#Q12 – 1913 $1.00 Fruit Growing Parcel Post

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U.S. #Q12
1913 $1 Fruit Growing
Parcel Post
 
Issue Date:  January 3,1913
City: Washington, DC
Quantity: 1,053,273
Printed By: Bureau of Engraving and Printing
Printing Method: Engraved
Perforations:
12
Color: Carmine rose
 
In 1912, the U.S. Postal Department introduced parcel post service for sending items weighing 16 ounces or more through the mail.  The mail is divided into four classes, with parcel post making up the fourth class. Almost any type of merchandise can be mailed parcel post, including day – old chicks, baby alligators, and honeybees.  Only items that could be dangerous to handle cannot be sent through Parcel Post. Rural Americans used the new mail class to access goods and merchandise they could not have gotten before, giving rise to mail order giants like Sears, Roebuck and Co. and Montgomery Ward and Co.
 
Twelve stamps with various denominations were issued in 1912-13 to prepay the fourth-class rate.  Although different vignette designs were featured, all twelve stamps used the same border and color, which caused a great deal of confusion for postal workers.
 
The $1 Parcel Post Stamp
The four Parcel Post stamps with the highest denomination feature manufacturing and agriculture. This stamp features a large orange grove with workers on ladders. Its issue was delayed because it was redesigned. This stamp is the rarest of the series and was ranked #76 of the 100 Greatest American Stamps.
 
Because the colors were the same, the $1 stamp was sometimes confused with the 1¢ stamp. The Postmaster General authorized ordinary postage for use on parcel post less than a year after the parcel post stamps were first issued.  These stamps were then made valid for all classes of mail and were used as regular postage until the supply was depleted. 
 

Birth of Liberty Hyde Bailey

1958 Gardening and Horticulture stamp
US #1100 was issued on Bailey’s 100th birthday.

Horticulturalist Liberty Hyde Bailey was born on March 15, 1858, in South Haven, Michigan.  The gardening and horticulture stamp issued for Bailey’s centennial birthday also marked a significant US postal first!

Bailey grew up on his family’s pioneer farm.  They were renowned for their innovative farming techniques and prize-winning apple orchards.  Bailey was especially talented at grafting – their orchard had over 300 cultivars and his neighbors often sought his help with their plants.

Bailey had an interest in plants and reading from a young age.  He enjoyed studying taxonomy and plant classification.  After graduating from the Michigan Agricultural College in 1882, he was hired by renowned botanist Asa Gray to work as his assistant.  After two years working with Gray, Bailey returned to Michigan to serve as a professor and chair of the Horticulture and Landscape Gardening Department at his alma mater.  It was the first horticulture department in the country.

4-H Clubs stamp
US #1005 – Bailey’s Junior Naturalist Clubs are considered inspirations for 4-H Clubs.

Then in 1888, Bailey moved to Ithaca, New York to chair the Practical and Experimental Horticulture Department at Cornell University.  As early as 1893 he promoted the idea of a state-supported agricultural program at Cornell.  He and fellow professor Isaac Roberts gained support for the idea by giving lectures and demonstrations, and even visiting farmers’ homes and helping solve their problems.  They soon gained significant support and Cornell changed the name of the Department of Agriculture to the College of Agriculture.  In 1903, Bailey petitioned the state for support for an agriculture building.  He succeeded and was made the first dean of the New York State College of Agriculture from 1903 to 1913.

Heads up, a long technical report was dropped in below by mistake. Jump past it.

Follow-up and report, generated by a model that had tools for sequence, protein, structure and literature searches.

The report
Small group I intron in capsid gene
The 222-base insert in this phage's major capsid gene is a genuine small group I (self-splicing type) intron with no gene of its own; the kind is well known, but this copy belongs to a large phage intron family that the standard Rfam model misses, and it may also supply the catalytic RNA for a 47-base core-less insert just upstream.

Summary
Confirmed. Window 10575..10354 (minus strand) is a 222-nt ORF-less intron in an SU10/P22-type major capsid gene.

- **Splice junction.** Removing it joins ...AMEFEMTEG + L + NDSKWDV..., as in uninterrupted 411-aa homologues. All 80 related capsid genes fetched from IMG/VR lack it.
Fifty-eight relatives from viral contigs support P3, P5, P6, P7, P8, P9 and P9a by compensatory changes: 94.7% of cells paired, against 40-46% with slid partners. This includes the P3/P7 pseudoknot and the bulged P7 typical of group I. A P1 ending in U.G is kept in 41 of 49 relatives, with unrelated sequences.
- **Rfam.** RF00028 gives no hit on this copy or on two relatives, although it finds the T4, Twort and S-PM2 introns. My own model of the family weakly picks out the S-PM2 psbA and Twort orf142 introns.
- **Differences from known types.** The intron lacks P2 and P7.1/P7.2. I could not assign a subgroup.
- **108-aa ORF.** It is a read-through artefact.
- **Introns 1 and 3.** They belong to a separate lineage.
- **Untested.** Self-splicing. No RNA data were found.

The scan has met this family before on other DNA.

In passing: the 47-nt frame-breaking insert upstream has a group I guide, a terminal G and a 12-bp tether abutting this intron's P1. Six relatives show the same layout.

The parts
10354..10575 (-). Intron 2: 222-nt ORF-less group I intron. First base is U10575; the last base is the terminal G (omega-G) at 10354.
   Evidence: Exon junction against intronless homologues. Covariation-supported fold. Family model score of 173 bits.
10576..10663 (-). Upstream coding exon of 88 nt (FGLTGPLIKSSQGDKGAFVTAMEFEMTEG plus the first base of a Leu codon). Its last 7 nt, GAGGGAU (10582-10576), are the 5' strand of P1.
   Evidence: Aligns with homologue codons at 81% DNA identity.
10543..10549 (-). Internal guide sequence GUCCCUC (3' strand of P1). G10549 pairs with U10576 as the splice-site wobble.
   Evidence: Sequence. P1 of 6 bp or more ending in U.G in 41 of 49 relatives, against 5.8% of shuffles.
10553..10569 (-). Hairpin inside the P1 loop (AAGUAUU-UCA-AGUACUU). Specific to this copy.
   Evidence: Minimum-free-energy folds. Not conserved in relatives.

1913 $1 Fruit Growing Parcel Post stamp
US #Q12 – Bailey’s work on the National Commission on Country Life was instrumental in the legislation that established Parcel Post.

Bailey was the co-founder of the American Society for Horticultural Science in 1903.  He also spearheaded a Nature Study movement – opposing the belief that learning had to be about distant or intangible subjects.  He encouraged children “to work with tools and soils and plants and problems.”  Bailey helped found Junior Naturalist Clubs, which helped inspire the 4-H movement.  He also chaired a National Commission on Country Life in 1908, and his resulting report led to the Cooperative Extension System.  Bailey’s research was also instrumental in the establishment of Parcel Post service and rural electrification.

1985 Rural Electrification Administration stamp
US #2144 – Bailey’s commission was also influential in rural electrification.

Bailey retired from Cornell in 1913 to spend more time writing and addressing social and political issues.  He wrote 65 books on horticulture during his life and founded two journals on the subject.  Bailey also edited more than 100 books by others and published over 1,300 articles.  He also coined the words cultivar, cultigen, and indigen.

Bailey died on December 25, 1954.  Cornell later named Bailey Hall in his honor.  Since 1958, the American Horticultural Society has given out an annual Liberty Hyde Bailey Award.

Gardening & Horticulture Fleetwood First Day Cover
US #1100 – Fleetwood First Day Cover

The 1958 Liberty Hyde Bailey Stamp and Cancel

In 1958, Cornell University held the Liberty Hyde Bailey Centennial Celebration.  To mark the occasion, the US Post Office issued a stamp on Bailey’s 100th birthday, March 15, 1958, at Cornell University.  The stamp didn’t picture or name Bailey, instead it depicted an allegorical image of the “bountiful earth.”

Gardening & Horticulture Plate Block First Day Cover
US #1100 – Plate Block First Day Cover

The First Day Covers for this stamp also have an interesting first.  They have the first pictorial First Day of Issue cancels.  Between the circular postmark and “First Day of Issue” killer bars, they placed a reproduction of one of Bailey’s bookplates.  Pictorial cancels were soon added to a number of other covers, paving the way for the large, full-color pictorial cancels we have today.

Learn more about Bailey’s life and work from the Cornell website.

Find more Farming and Agriculture stamps here.